Making questions using this Japanese grammar point can take two main forms. The first one uses essential Japanese question phrases: what (nani), where (doko), who (dare), why (naze) and which (dore). Asking a question in Japanese is very easy: you simply need to add the particle か at the end of a declarative sentence 

何をしたいですか。
Nani o shitai desu ka.
What do you want to do?

いつラーメンを食べたいですか。
Itsu raamen o tabetai desu ka.
When do you want to eat ramen?

なぜ映画を見たいのですか。
Naze eiga o mitai no desu ka
Why do you want to watch that movie?

どこへ行きたいですか。
Doko e ikitai desu ka.
Where do you want to go?

The other way to make questions is to recast or check what someone has said. Or simply to check if they want to do something. 

Let’s say you’ve asked your lunch date what they feel like having, but they can’t seem to make up their mind. You notice, though, that they keep looking at menus outside all the ramen shops you pass. You might try asking, ラーメンを食べたいですか?

How to Express What Someone Else Wants: – たがる

We can use たい to say what the speaker wants to refer to what a second person in the conversation might want to do. But when we want to talk about what a third party wants to do, we use たがる.

This is made by dropping the ます from the polite form and adding たがる.

Dictionary Formます form (polite)たがる
食べる食べます食べたがる
見るます見たがる
買う買います買いたがる
行く行きます行きたがる
するしますしたがる

It is important to note that in conversation, the continuous たがっている is often used to express what somebody else wants to do. 

友達がラーメンを食べたがっている。
Tomodachi ga raamen o tabetagatte iru.
My friend wants to eat ramen. 

子どもがテレビを見たがっている。
Kodomo ga terebi o mitagatteiru.
My children want to watch TV.

クラスメイトが嵐のライブへ行きたがっている。 
Kurasumeito ga arashi no raibu e ikitagatteiru.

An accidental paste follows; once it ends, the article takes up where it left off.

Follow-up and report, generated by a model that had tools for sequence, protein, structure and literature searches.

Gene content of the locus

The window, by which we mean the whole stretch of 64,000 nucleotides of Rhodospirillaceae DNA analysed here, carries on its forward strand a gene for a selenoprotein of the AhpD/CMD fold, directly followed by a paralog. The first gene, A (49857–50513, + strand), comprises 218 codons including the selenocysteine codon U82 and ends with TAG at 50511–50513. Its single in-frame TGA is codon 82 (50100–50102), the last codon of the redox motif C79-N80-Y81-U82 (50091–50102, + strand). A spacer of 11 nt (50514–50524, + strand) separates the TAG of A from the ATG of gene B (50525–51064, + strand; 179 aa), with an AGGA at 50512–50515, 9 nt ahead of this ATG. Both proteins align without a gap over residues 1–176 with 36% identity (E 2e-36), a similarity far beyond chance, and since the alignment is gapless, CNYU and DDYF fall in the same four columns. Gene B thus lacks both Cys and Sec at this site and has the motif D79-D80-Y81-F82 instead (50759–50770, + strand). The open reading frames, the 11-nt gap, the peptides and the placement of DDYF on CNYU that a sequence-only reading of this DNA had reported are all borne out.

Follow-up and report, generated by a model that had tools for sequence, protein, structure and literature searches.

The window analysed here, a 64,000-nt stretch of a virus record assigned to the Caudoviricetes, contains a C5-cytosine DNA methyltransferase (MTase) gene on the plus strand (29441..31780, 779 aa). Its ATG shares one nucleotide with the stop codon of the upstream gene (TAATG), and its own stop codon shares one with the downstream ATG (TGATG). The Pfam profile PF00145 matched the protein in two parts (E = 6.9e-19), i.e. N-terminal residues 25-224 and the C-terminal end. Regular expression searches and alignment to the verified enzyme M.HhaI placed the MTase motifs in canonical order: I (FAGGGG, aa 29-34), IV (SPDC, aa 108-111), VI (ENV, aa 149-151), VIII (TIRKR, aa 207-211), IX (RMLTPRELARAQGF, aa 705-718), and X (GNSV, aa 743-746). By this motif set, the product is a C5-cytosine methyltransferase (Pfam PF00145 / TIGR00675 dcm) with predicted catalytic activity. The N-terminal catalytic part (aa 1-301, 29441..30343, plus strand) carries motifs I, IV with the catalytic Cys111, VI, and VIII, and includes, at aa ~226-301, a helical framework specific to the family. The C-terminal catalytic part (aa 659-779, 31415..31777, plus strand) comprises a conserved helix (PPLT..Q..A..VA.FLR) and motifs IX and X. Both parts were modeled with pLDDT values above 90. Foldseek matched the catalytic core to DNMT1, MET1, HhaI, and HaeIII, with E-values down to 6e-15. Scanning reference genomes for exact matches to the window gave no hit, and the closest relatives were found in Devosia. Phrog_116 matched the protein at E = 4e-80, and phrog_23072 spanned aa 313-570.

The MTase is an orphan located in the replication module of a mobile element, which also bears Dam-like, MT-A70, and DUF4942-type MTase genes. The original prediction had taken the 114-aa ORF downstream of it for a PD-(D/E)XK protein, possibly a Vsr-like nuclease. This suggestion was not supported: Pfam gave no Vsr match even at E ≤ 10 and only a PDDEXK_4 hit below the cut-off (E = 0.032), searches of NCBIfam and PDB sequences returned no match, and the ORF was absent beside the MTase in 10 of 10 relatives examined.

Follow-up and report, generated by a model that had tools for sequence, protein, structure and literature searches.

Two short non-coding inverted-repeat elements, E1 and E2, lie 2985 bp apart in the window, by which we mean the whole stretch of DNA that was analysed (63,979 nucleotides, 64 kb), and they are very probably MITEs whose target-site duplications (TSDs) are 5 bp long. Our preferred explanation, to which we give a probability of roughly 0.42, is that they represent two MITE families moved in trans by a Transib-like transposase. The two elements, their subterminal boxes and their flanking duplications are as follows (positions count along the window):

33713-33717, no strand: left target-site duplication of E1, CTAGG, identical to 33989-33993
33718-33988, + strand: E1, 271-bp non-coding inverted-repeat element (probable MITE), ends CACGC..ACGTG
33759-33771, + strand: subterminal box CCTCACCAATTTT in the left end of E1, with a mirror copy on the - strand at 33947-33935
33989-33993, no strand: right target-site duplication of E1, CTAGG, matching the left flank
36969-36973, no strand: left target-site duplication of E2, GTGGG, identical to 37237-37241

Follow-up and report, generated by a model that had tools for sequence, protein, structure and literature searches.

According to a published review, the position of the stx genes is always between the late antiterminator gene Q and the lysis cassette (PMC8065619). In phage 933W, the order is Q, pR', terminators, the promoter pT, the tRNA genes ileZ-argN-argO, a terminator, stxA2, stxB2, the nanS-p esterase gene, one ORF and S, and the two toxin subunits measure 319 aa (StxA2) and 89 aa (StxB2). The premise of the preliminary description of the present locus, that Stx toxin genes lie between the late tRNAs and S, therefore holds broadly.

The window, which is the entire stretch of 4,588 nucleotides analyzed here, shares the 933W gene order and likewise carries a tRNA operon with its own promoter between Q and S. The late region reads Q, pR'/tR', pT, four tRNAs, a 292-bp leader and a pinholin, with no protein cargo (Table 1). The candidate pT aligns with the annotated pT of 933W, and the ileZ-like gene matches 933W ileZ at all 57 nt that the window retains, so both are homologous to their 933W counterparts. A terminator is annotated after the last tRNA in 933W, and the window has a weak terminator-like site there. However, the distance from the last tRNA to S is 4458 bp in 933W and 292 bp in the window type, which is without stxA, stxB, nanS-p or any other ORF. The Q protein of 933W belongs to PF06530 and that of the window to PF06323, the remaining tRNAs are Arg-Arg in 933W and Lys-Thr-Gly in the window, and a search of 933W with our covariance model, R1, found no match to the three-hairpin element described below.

My classmate wants to go to an Arashi concert. 

ほしい: How to Say You Want Something

This entire time, we’ve been learning how to say “I want” when you want to do something, which requires an action verb. Now, let’s take a look at how to say you simply want something. For that, you’re going to need ほしい/欲しい.

Forming phrases using this grammar point is pretty straightforward: Noun+ が ほしい

大きいテレビが欲しいです。
Ooki terebi ga hoshii desu.
I want a big TV.

新しいパソコンが欲しいです。
Atarashii pasokon ga hoshii desu.
I want a new computer. 

Quick Note on Japanese Particles

You’ll notice that with ~たい phrases, the particle を is used. With 〜欲しい phrases, the particle が is used. 

ラーメンを食べたいです。
I want to eat ramen.

ラーメンが欲しいです。   
I want ramen.

Check out this article for more info on using 欲しい. The article also explains how use ~て欲しい to express a request of someone else. 

Saying What a Third Party Wants Using ほしがる

欲しい is used for what (noun) the speaker or a second person in the conversation might want. However, it cannot be used to refer to what a third party wants. 欲しがる is used for this purpose. 

彼は大きいテレビを欲しがっています
Kare wa ookii terebi o hoshigatte imasu.
He wants a big TV.

彼女は新しいパソコンを欲しがっています。
Kanojo wa atarashii pasokon o hoshigatte imasu.
I want a new computer. 

Note that the particle o is used with 欲しがる statements. 

Conclusion

In Japanese grammar, adding たい to the masu-stem of verbs expresses what the speaker wants to do. However, for referencing what a third party wants to do, たがる is used. At the same time, there is a different Japanese grammar point for simply wanting something (a noun); that’s 欲しい. And finally, 欲しがる is used to express what a third party wants (a noun). 

And there you have it! With practice, it will be easy for you to say “I want” in Japanese! However, learning the grammar point isn’t enough. You need to know the verbs and vocabulary. Our learning blog contains all the essential resources about Japanese language life and culture, so check them out! If you are interested in studying Japanese in Tokyo, find out more about our school by filling out our contact form!

Can I use this "tai desu" grammar in writing and speaking?

Yes, this grammar point can be used in many situations as well. You’ll just have to adjust your endings and so on to reflect the desired level of formality. 

What level of the JLPT is ~たいです?

This is N5 grammar, but it will still likely take a lot of practice to use all aspects fluently. 

What if I mistakenly use たい instead of たがる when talking about what somebody else wants to do?

If you do, then it’s just a mistake. People you’re talking to will most likely understand you based on the context, or they might give you a chance to correct your mistake.

What is the difference between たい, 欲しい and たがる?

In Japanese grammar, adding たい to the masu-stem of verbs expresses what the speaker wants to do. However, for referencing what a third party wants to do, たがる is used. At the same time, there is a different Japanese grammar point for simply wanting something (a noun); that’s 欲しい. And finally, 欲しがる is used to express what a third party wants (a noun).